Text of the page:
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Is it better to be an academic in the US or Europe

Europe lead on public engagement while the US enjoy the science stimulus package – on which side of the Atlantic is it better to be a scientist?

Delegates of the EuroScience Open Forum 2010 in Turin, Italy were reminded today that while social attitudes will always trump science, there are distinct differences between practice in scientific advice for policy in the US and Europe. Values typically win over hard science and this is hard to accept for many scientists working on the cutting edge in controversial areas like stem cell research and climate change.
Alan Leshner, CEO of the American Association for the Advancement of Science (AAAS) gave the perspective from the US emphasising that the attitudes of policy makers and the public matter greatly.

“The last decade has been very rocky in the US,” he said. “Science advisor positions were downgraded so they were no longer assistances to the President under George Bush’s administration.” However with President Obama in power, distinguished scientists have been appointed to leadership positions. Base research funding in the US has increased, not counting the stimulus package.

However, scientists in the US find themselves battling against teaching methods where creationism is often taught alongside evolution. Leshner believes the answer is public engagement over public education. “Scientists often take an education approach – ‘the poor people out there don’t understand.’ Often the public understand the science, they just don’t like it.”

Europe is leading on public engagement, the conference was told by the American. However it is an uphill struggle as “the public are free to ignore, distort or deny science at will.”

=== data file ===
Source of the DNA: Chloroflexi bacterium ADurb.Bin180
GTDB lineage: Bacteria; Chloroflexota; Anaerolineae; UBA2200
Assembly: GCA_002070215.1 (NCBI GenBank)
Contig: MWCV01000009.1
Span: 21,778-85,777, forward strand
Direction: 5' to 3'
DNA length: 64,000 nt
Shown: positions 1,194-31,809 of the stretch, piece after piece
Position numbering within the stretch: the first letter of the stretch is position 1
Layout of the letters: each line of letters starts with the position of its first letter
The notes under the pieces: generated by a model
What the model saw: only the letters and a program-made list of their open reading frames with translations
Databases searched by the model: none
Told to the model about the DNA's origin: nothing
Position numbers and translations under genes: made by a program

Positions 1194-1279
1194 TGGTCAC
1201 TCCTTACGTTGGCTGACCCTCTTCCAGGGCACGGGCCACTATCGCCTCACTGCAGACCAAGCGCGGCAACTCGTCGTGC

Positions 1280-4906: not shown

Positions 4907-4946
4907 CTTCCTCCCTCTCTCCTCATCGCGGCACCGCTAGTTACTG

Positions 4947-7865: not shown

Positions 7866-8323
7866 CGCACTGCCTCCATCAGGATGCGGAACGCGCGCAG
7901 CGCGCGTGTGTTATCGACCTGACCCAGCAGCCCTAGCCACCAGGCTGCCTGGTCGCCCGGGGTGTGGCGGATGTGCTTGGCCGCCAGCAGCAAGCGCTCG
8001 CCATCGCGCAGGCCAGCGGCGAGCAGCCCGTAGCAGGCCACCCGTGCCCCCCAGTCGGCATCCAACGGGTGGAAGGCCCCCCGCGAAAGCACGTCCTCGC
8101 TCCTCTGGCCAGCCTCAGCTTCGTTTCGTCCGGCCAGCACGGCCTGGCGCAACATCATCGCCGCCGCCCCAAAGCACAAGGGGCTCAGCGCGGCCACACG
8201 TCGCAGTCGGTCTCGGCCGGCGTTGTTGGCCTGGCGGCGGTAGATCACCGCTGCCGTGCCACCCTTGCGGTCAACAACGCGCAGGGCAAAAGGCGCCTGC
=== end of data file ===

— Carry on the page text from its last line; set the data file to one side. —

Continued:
While Europe leads the way on public engagement and scientists appears to have a better relationship with the public, European countries are “good at scientific knowledge creation but not so good at innovation” said Roland Schenkel, Director General of the Joint Research Centre of the European Commission.

“The commissioner has made innovation her personal priority,” said Schenkel who also commented that Europe needs to start taking more risks to be at the forefront of innovation.

While Europe enjoy good relations with better engaged policy makers and public, the US steam ahead on innovation with increased budgets for science. Take your pick?

Photo credit: CGP Grey

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Leila Sattary

Leila is a freelance science writer specialising in science funding and research policy. She is a former editor of the Euroscientist. She writes for a variety of online and print journals including news and features for Chemistry World, her Lab Rant column for Laboratory News and many more. In her day job she works as a Project Officer at the University of Oxford with particular interest in research policy, knowledge exchange and impact.

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